Key to good PowerPoint presentations

good-presentation-do-donts

We browse through an umpteen number of presentations daily, both professional and amateur, on a wide range of topics. Some presentations impress while others just put us to sleep. If you are looking for ways to improve your presentations, these tips will help you:

Minimal use of colors

Limit the use of color to 2 to 4 colors/shades. Use colors that will standout and will be easy on the eyes. Using a font color that does not contrast with the background color is hard to read. It is also not necessary to use different colors for secondary points. Using color for decoration is distracting and annoying.

Limit the number of slides

Maximum of fifteen slides per presentation is recommended. Too many slides will cause the readers to lose interest in your presentation. Express ideas visually rather than with words. You can use icons to convey your ideas. Highlighting content, using different colors and blurring background images to emphasize content in the background, are some of the techniques to express ideas.

Design elements

Use a grid layout. Put either the text or object in a symmetric flow. Don’t be scared to make use of the negative space in your designs. Choose design elements that support your mesasage. Avoid fancy borders and background graphics that aren’t clarifying your message. Always consider your audience while choosing graphics.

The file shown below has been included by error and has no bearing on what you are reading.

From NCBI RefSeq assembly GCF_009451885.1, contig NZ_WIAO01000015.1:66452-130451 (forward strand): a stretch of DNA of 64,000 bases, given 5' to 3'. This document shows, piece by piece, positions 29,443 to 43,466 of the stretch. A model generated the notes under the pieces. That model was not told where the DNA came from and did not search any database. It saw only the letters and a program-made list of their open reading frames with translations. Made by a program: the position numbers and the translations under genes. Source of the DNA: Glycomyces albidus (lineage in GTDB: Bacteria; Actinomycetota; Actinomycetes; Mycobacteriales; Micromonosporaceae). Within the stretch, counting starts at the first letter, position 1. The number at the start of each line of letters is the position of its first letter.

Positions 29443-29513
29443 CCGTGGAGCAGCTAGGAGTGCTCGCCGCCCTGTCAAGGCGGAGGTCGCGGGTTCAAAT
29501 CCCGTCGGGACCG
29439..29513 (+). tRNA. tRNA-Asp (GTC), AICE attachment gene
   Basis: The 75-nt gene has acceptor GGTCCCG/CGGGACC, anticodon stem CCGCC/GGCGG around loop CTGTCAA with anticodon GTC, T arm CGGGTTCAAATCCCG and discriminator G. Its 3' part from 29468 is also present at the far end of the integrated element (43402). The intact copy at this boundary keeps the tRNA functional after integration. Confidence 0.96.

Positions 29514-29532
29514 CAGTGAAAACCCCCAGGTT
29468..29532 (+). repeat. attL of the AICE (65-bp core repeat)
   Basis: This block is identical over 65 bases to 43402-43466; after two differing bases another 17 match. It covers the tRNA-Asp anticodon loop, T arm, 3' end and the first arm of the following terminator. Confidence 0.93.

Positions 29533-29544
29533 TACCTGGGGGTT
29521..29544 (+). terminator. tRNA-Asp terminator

Don’t use images for the sake of using images

Use background images that complement your text. Always remember not to use images that compete with your text. This will leave your text unnoticed. Use stunning beautiful images to inspire your audience, but don’t let them distract from your presentation either.

Don’t have more than one point per slide

Don’t be an encyclopedia, pouring out information onto slides. Keep it short and simple. If too much information is presented, too little will be remembered. Use a maximum of three points on a slide. There should be maximum three major messages. It should summarize the essence of what your audience wants to remember. One idea per slide is the best choice.

Don’t use visually complex fonts

Choose easy to read fonts and stick onto a font family. It is recommendable to use a font large enough to be read by the readers. Keep a consistent look throughout your presentation by using the same font, size and color.

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